28.05.2021 06:55 1.087
Donate, sell or recycle? This is the best way to get rid of your old clothes!
Leipzig – There is evidence that there are far too many “clothes corpses” in German wardrobes: items of clothing that were briefly “in” but disappeared after their big show. MDR reporter Olga Patlan mucked her old clothes for a new show of “Exakt – Die Story“and tried to find out what can best be done with the worn-out shoes, pants or jackets.
The first point of contact for around 12.3 kilos of clothing from Olga Patlan is the second-hand shop “Hilde tanzt” in the west of Leipzig. Owner Anna Hopperdietz goes to flea markets and household liquidations to keep getting new snappers for her shop – but when she buys clothes from private individuals, there are a few criteria to consider.
“Second hand for me means rediscovering things that already exist; I go on a treasure hunt, so to speak. I don’t even accept a lot of clothes from H&M or something because they were bought cheaply and are not worth reselling”, so Hopperdietz.
The best materials for her shop are made of cashmere or viscose – so Olga Patlan and her bag of old clothes go on to the Magdeburg clothing chamber of the German Red Cross with almost nothing done.
Closets: only ten percent of the clothes reach the needy
There you can either hand in your clothes in a container or in the shop.
Britta Göhring and her team do not accept everything there either.
“The things have to be fashionable. The old women who shop with us, for example, don’t necessarily want you to see that they are shopping in the clothing store,” said the DRK employee.
A total of around one million tons of old clothes are “donated” every year – this corresponds to the route from Flensburg to Salzburg in truckloads full of clothes – an absolute sign of prosperity and overconsumption.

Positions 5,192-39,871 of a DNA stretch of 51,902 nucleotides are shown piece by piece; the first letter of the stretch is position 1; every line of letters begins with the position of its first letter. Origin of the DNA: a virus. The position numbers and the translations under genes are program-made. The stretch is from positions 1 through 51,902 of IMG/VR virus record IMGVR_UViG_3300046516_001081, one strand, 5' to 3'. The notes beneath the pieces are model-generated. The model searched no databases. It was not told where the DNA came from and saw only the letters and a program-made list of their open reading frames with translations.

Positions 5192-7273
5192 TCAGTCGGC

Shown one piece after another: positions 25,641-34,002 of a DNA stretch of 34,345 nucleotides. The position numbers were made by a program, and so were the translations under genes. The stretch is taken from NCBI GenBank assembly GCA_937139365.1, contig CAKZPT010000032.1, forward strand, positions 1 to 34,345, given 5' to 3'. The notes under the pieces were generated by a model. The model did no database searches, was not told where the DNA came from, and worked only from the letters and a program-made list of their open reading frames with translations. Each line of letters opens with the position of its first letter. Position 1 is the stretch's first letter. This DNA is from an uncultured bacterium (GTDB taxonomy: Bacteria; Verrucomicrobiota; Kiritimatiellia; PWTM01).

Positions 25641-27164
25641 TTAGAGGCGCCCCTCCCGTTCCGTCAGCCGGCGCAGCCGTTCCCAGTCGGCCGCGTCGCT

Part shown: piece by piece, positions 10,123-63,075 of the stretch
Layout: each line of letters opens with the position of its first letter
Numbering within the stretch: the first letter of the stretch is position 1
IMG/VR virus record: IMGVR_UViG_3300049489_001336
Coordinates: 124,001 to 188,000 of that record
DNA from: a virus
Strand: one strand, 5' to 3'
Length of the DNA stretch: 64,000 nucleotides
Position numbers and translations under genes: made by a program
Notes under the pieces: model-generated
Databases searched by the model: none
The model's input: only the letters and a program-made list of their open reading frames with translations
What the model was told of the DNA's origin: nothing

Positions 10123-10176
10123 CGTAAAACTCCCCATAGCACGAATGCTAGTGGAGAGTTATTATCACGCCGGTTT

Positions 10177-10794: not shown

However, all the donated goods never reach those who are actually in need.
“Around 10 percent of this goes to the needy, the rest is sold on to commercial buyers,” said Göhring.
Despite the second-hand trend: tons of clothes
One of these buyers is in Bitterfeld-Wolfen. Around 300 tons of clothes are delivered here daily from clothes closets, which are then sorted into different categories.
Most of it is brought to mostly Eastern European countries and sold again there – clothes that are either dirty, broken or no longer usable are shredded, shredded and then recycled into insulation materials or painter’s fleece, for example. However, functional materials cannot be used for this purpose and are incinerated.
One might think that second-hand fashion is currently booming, especially in Germany, but the effects of the trend are not reaching the Bitterfeld recycling halls.
“The amount of clothes here does not decrease. Although the clothes circulate longer if they are exchanged or sold again, they still arrive here at some point,” fears Christoph von Hahn, Managing Director of SOEX in Wolfen. Of course, this also has an impact on the environment: the textile industry is the second dirtiest industry after the oil industry in terms of CO consumption, for example.
So better: buy clothes consciously and also consider whether you are only following current trends with your consumption or whether you want to benefit from them for a long time – or also get creative and cut, “upcycling” the good parts and thus give them a longer life.
TV tip: You can find the entire article from “Exakt – Die Story” in the MDR media library.
Title photo: Screenshot MDR